Despite earlier reservations by their union, 50 Transport Board workers, mainly bus drivers, are opting for voluntary separation, an official close to the development has told Barbados TODAY.
Should management approve the numbers, it would mean that a total of 100 employees would have been cut from the payroll as part of the Government’s retrenchment exercise under the International Monetary Fund-approved Barbados Economic Recovery and Transformation (BERT) programme.
Two months ago, 50 workers received their pink slips from the loss-making state enterprise.
But it is still unclear whether those numbers will be enough to bring the statutory board within budget to wean from the Consolidated Fund, the central Government’s kitty.
It is also not yet known if the Transport Board will approve packages for all 50 workers, as the determination is still to be made on a “case by case basis and needs of the various departments”, the source, who was not authorized to speak officially, told Barbados TODAY.
“Things are at a delicate stage right now and we have a lot of people who have opted for voluntary separation. At the moment over 50 people noted their willingness to go that way,” the source revealed while noting that packages are yet to be finalized, as the management of the Transport Board was still in the process of sourcing funds.
The official told Barbados TODAY that drivers represent the bulk of workers wanting to go home due to the stressful nature of the job but it is feared the number might overwhelm the Transport Board.
“These persons are coming from all over but the majority of them are drivers. Many of them are tired after driving a big bus for 20 odd years so for many of them if they get some money and get to go home they would be happy because driving is a really stressful job. But we can’t allow everybody to go home and then the place can’t function,” the source said.
Last month, board chairman Gregory Nicholls revealed that within days of inviting willing participants to indicate their interest in voluntary packages, 20 workers submitted their names. That revelation came as the chairman sought to clear up confusion over an initial memo inviting staff to indicate their interest by November 23.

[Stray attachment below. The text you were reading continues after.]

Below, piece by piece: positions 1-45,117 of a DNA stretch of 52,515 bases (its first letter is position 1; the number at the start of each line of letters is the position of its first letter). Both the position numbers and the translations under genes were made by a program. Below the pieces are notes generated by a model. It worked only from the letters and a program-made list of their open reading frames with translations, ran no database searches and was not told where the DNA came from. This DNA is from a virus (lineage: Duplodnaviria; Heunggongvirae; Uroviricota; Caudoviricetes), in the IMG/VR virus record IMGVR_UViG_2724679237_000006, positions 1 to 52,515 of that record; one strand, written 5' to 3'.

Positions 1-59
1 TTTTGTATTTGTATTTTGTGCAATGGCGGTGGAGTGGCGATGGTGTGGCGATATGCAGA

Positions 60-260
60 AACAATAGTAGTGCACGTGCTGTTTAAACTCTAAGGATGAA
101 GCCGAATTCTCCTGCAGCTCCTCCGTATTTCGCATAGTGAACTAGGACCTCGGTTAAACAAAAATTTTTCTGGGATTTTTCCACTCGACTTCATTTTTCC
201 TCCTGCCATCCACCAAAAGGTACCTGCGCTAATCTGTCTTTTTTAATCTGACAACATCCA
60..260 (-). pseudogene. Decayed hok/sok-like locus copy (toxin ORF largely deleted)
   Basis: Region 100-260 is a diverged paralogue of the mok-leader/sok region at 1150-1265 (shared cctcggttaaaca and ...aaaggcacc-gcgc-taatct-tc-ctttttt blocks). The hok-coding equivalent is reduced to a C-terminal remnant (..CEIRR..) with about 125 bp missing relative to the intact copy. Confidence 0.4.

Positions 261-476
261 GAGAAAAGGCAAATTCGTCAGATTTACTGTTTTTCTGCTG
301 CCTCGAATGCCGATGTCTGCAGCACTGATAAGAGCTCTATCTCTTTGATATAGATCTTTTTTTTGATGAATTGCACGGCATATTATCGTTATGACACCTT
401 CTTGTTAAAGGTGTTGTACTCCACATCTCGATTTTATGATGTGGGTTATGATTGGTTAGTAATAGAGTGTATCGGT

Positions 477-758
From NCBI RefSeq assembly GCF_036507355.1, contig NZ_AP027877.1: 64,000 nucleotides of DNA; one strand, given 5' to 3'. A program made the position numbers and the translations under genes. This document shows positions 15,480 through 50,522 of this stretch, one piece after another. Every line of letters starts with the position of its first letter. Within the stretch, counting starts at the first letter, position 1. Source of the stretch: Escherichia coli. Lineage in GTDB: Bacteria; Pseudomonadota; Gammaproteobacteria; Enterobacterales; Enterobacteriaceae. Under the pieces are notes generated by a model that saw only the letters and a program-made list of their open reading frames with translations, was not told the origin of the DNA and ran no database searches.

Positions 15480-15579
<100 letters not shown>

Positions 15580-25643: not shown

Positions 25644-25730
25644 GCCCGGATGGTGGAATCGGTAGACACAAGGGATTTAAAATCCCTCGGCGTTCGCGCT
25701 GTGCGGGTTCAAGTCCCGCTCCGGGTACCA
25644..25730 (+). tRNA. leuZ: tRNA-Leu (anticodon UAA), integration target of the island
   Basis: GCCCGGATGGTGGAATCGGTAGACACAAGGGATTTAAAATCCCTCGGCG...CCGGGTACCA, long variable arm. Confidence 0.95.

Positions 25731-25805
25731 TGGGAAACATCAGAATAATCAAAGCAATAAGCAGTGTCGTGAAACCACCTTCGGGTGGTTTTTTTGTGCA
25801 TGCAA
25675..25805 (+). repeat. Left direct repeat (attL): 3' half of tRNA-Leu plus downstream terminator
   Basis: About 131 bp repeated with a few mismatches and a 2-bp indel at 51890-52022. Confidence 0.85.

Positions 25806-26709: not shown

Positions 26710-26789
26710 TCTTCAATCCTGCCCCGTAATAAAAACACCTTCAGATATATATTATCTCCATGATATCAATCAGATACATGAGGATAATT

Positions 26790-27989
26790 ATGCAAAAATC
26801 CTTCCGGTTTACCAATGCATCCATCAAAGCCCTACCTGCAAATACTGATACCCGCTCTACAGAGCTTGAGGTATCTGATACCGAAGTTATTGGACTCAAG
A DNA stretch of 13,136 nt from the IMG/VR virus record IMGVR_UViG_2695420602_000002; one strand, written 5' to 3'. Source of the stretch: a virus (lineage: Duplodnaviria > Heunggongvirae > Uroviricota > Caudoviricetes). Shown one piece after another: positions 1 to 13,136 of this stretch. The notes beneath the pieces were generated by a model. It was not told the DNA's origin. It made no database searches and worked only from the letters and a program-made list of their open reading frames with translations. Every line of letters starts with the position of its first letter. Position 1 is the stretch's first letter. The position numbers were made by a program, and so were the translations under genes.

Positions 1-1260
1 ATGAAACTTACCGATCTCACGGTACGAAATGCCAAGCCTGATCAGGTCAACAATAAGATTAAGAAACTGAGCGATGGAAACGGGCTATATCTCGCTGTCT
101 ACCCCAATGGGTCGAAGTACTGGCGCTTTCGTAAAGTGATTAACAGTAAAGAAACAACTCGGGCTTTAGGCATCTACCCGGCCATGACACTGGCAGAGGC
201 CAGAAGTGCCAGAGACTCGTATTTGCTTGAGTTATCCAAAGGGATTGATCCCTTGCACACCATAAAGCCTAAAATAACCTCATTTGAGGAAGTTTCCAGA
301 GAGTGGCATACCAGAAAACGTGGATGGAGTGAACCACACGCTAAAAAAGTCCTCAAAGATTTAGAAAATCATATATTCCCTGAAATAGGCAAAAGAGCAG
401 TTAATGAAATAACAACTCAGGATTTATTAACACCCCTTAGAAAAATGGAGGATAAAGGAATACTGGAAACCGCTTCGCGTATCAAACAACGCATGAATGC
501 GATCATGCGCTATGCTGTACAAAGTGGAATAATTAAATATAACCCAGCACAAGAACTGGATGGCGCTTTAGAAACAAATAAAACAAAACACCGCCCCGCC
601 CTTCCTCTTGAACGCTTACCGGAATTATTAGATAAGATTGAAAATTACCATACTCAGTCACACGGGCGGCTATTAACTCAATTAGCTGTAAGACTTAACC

General Secretary of the Barbados Workers’ Union, Senator Toni Moore, denied that the union had agreed to the proposed packages, despite a memorandum from the Board to employees that suggested otherwise.
Following a meeting with Transport Board workers, where the memo was one of many issues discussed, Moore made it clear that the union would never agree to workers opting to go home, without knowing the terms and conditions of the packages.
“The Executive Council of the BWU wishes to distance itself from this approach as it relates to central government, as it relates to statutory corporations. Where there is going to be any agreement that carries the Barbados Workers’ Union’s signature to it, it would be an agreement that specifies to people up front, what they are entitled to, when they will be entitled to it, how it will be paid out to them,” the general secretary declared.
The Transport Board chairman said that the letters were in no way intended to back workers into a corner. He added that the memo was merely meant to determine the numbers of workers interested in voluntary separation, so that the actual process of negotiating packages could begin.
But Barbados TODAY has learned that despite the BWU’s initial concerns, the option of voluntary separation has proved quite popular as the Transport Board continues its retrenchment process. “The voluntary separation package was not originally the management’s idea but rather it was the staff’s,” the source said.